Most film directors are obsessed with movement. They always think about how an actor moves within a frame, or how a camera moves around an actor. Edgar Wright takes this obsession into full-on fetish territory. Since Shaun of the Dead, his comedic action films have exaggerated movement. His camera heaves, twirls, and spins with precision. In that regard, Wright’s latest film, Baby Driver,is the final culmination of a style he has been honing his entire career. Wright also invents a new subgenre in the process: the action musical. You know when you’re walking down the street, the perfect song comes on your headphones, and you feel in sync with the universe? Baby Driver captures that feeling, and adds some car chases.
Ansel Elgort plays Baby, and the character is in the tradition started by Alain Delon in Le Samouraï and continued onward by Ryan Gosling in Drive. Baby is the soft-spoken, nearly silent wheel man for a crew of professional criminals. Their leader Doc (Kevin Spacey) brought him on board when he caught Baby trying to steal his car; he’s so talented, he gave him a job instead of breaking his legs. The film follows the typical “one last heist” structure. Baby is the reluctant criminal, while his accomplices Buddy (Jon Hamm), Bats (Jamie Foxx), and Darling (Eiza González) are far more eager/violent. The last job seems impossible to pull off, so Baby has to think on his feet—and the gas pedal—to evade one obstacle after another.
So what makes Baby Driver an action musical? Music is the only way Baby can function—an accident left him with tinnitus—so he constantly blasts tunes in his ears. His tastes are eclectic, with several iPods full of songs, but he generally prefers something percussive and upbeat when he’s in heist mode. The film opens with Baby listening to “Bellbottoms” by The Jon Spencer Blues Explosion, and Wright cuts the film so the images and editing match the length of the song’s central riff. That same overlay of music and imagery continues through to the romantic subplot: Baby falls in love with Debora (Lily James), a waitress at a diner, because she gorgeously hums Carla Thomas’ “B-A-B-Y” to herself. Many films use music, especially pop songs, to create a specific tone or mood. Baby Driver makes this relationship more symbiotic, to the point where you can describe specific scenes by the corresponding soundtrack.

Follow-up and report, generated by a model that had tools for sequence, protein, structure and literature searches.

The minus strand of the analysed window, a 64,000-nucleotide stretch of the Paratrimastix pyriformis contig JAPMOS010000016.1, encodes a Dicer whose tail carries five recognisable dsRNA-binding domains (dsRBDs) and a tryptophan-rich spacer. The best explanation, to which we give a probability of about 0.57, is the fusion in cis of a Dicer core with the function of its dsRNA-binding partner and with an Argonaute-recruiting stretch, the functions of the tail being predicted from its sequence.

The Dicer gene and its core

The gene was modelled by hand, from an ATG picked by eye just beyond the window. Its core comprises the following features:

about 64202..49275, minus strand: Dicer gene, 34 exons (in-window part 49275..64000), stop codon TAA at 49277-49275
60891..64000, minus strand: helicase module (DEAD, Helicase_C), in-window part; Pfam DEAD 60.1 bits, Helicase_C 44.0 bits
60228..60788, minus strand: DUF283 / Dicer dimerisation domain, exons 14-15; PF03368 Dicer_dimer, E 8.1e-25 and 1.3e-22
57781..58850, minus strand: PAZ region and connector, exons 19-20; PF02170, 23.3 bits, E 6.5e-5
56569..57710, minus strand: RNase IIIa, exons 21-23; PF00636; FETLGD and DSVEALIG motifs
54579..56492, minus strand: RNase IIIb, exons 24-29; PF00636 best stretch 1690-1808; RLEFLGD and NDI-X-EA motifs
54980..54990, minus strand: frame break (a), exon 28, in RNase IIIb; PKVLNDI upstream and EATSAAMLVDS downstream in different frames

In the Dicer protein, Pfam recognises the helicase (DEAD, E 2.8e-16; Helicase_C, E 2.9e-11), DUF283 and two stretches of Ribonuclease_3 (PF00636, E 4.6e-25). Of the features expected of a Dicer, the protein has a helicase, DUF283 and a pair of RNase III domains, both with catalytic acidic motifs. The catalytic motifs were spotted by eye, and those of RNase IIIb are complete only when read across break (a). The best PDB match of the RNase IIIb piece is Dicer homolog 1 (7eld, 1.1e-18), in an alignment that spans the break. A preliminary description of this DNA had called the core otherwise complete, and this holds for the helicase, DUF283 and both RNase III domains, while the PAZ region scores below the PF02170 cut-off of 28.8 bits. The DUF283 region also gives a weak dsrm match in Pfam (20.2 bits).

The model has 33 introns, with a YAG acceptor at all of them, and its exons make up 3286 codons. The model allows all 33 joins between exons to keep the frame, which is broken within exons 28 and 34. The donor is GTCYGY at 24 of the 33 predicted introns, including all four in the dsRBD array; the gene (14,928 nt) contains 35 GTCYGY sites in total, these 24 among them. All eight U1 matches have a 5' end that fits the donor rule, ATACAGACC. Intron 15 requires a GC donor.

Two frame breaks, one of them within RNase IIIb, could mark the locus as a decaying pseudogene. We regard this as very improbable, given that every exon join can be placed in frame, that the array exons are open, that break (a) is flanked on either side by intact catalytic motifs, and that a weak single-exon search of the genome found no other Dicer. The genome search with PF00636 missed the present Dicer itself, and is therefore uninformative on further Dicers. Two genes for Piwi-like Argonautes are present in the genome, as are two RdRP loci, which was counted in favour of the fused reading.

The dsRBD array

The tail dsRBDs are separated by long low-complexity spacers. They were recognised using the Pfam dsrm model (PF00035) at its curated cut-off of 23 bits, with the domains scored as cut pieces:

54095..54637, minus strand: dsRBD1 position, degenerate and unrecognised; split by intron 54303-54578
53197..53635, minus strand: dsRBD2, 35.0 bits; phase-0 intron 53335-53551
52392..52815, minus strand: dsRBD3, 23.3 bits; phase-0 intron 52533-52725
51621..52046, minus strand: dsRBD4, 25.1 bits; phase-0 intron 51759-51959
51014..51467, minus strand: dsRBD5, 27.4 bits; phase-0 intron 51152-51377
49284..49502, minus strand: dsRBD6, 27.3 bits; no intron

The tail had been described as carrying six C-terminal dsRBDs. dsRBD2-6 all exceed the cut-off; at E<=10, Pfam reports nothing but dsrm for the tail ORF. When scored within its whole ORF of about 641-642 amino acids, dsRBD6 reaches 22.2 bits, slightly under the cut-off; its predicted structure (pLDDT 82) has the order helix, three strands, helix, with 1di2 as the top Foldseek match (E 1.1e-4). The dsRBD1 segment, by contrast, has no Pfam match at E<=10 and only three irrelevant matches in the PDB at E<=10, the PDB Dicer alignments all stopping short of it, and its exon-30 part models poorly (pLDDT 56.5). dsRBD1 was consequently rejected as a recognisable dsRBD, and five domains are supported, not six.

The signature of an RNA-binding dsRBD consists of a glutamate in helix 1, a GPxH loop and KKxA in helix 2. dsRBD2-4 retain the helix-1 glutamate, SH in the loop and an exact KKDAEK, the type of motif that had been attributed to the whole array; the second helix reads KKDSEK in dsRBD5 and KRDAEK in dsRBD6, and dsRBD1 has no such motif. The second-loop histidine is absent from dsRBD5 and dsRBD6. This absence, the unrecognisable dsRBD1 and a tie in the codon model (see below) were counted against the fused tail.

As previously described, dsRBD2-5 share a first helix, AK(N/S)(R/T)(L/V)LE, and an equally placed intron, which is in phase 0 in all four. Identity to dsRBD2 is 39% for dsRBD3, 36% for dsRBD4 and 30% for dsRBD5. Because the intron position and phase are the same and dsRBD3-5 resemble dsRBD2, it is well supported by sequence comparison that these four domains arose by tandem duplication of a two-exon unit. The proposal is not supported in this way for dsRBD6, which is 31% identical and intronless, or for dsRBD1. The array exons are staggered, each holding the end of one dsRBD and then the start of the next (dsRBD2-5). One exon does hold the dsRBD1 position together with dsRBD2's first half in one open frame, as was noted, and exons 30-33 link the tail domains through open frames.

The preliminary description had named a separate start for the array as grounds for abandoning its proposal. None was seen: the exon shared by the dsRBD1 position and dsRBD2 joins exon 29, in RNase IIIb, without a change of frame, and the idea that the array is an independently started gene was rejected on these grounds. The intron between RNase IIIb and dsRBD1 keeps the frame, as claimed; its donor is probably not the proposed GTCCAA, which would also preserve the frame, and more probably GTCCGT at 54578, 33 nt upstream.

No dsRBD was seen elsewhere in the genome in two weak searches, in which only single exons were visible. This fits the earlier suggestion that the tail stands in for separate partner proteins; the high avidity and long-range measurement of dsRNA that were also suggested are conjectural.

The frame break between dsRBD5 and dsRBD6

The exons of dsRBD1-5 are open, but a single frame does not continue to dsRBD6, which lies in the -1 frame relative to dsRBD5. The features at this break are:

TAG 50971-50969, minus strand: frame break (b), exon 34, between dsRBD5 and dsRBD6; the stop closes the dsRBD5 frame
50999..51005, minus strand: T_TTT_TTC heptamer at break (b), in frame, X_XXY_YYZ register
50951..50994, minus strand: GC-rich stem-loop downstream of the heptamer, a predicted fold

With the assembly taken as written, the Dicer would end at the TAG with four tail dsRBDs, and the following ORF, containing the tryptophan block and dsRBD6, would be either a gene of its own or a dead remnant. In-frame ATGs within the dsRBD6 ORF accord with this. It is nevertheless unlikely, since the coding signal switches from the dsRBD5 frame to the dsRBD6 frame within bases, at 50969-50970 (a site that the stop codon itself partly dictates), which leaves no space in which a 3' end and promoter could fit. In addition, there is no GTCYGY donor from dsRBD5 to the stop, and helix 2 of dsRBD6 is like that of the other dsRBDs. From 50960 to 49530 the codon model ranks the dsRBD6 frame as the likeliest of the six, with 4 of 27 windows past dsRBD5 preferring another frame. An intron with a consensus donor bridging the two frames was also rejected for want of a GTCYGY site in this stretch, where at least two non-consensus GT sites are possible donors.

This film marks the first time Edgar Wright set a film in the United States, and here he uses Atlanta’s vast, complex system of freeways and bridges to his advantage. The frequent action sequences are a celebration of movement; it’s almost like Baby can get his cars to dance. There are few establishing shots—Wright prefers to film cars from the bottom up—and so the chases have no omniscient point-of-view. Such an approach creates its challenges, and yet Wright knows when to pull back and let the stunts speak for themselves. He also finds a way to make car chases seem new, even claustrophobic. The most memorable is set inside a parking garage. The cars are in close proximity, colliding with each other constantly, and yet Wright uses the limited space to his advantage.
Another of Wright’s talents is finding the right actor for a role: All the actors in Baby Driver, including Elgort, are good fits for the archetypes they inhabit. Based on what we see here, Jon Hamm could be one of our great movie villains, since he easily veers from camaraderie to provoking genuine terror. As Bats, Jamie Foxx starts threatening and stays that way, and he maintains an air of intimidation through precise, economical word choice. Since Elgort and James are the more reactive, innocent characters, they are not having as much fun, yet they ground the movie’s borderline twee contrivances. Still, it’s the most fun to see Kevin Spacey letting his proverbial hair down, since his unflappable intelligence elevates his characters into something more sophisticated than they appear on paper.
Baby Driver runs into the same problems that plague Edgar Wright’s earlier work. He still does not know how to end a movie, and the epilogue drags into downright ponderous territory. In fact, if Wright had the discipline to end his work immediately after the climax, then Baby Driver would be one of the best, most original action films of the decade. This is where Wright’s affection gets in the way of his bottom line: He loves his characters so much, even the bad ones, that he feels obligated to give them a protracted sendoff. We shouldn’t begrudge him too much, however, since this is the rare, unique entertainment that takes classic action tropes, and turbocharges them.
Baby Driver is now playing in theaters everywhere.